Brand guidelines establish a framework for a brand to exist within, helping ensure a consistent brand experience. This is the container that guides implementation across channels and touchpoints and includes visual elements, brand tone, the application of language, and guidelines for how a brand should be represented across different media.

Brand experience

Brand experience these days is decidedly multi-channel. From physical spaces to digital, from customer service to advertising campaigns to the box a product comes packaged in when it makes its way to a customer’s door, each of these is a touchpoint and an opportunity for a cohesive, engaging, on-brand experience that the customer will remember.

Additionally, you’ll also want to consider marketing and communication strategies that align with the brand’s identity and resonate with the target audience. This includes selecting appropriate channels, creating relevant content, and utilizing various marketing tactics to effectively communicate the brand’s message.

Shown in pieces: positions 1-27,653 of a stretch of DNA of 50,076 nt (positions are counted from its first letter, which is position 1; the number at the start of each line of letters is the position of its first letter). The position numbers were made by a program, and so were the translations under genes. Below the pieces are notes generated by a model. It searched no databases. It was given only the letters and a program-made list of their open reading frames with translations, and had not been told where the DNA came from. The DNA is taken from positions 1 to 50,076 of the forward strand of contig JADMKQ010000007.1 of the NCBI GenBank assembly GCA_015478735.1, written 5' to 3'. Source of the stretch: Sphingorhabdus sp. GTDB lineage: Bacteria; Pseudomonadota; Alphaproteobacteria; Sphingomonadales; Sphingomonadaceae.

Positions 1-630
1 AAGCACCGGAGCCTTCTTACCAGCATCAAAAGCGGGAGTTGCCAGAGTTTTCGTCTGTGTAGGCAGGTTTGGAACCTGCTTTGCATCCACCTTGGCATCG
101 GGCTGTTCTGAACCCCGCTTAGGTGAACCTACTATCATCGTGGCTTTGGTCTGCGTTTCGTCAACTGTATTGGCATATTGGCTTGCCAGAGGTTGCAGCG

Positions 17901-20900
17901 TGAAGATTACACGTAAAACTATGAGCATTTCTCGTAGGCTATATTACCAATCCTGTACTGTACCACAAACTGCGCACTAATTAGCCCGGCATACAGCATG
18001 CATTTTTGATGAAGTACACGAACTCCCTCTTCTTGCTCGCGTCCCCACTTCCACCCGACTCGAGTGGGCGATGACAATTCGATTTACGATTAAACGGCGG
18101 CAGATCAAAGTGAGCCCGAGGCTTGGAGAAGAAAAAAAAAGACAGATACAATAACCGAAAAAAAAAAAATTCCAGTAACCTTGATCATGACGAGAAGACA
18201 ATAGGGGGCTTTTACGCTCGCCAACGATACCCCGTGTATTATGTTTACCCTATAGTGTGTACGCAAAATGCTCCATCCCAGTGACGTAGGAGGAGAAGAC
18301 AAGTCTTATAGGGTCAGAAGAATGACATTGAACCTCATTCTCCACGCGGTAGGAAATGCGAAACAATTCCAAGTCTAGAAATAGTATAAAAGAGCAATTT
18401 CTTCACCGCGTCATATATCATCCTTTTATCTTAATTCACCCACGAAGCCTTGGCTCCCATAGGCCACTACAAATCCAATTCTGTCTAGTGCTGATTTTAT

Where do you begin to build a solid brand strategy?

The first step is to ensure that you have a solid understanding of your brand. Follow these six key steps to round out your strategy:

Determine your brand archetype to define your voice and tone

As consumers, we all have certain brands that we’re drawn to more than others. Maybe it’s something you’re nostalgic about from childhood, like LEGO or Transformers. Maybe it’s a juice brand that changed your life, or an outdoor supplies store with every last gadget you need to survive the apocalypse. 

Beneath every brand with good storytelling is an archetype. That archetype is a personification of basic human desires. For instance, the desire to be liberated translates into an outlaw archetype — which makes sense, right? What else is an outlaw but a person who seeks liberation in everything he or she does? Similarly, the human desire for understanding translates into the archetype of the sage.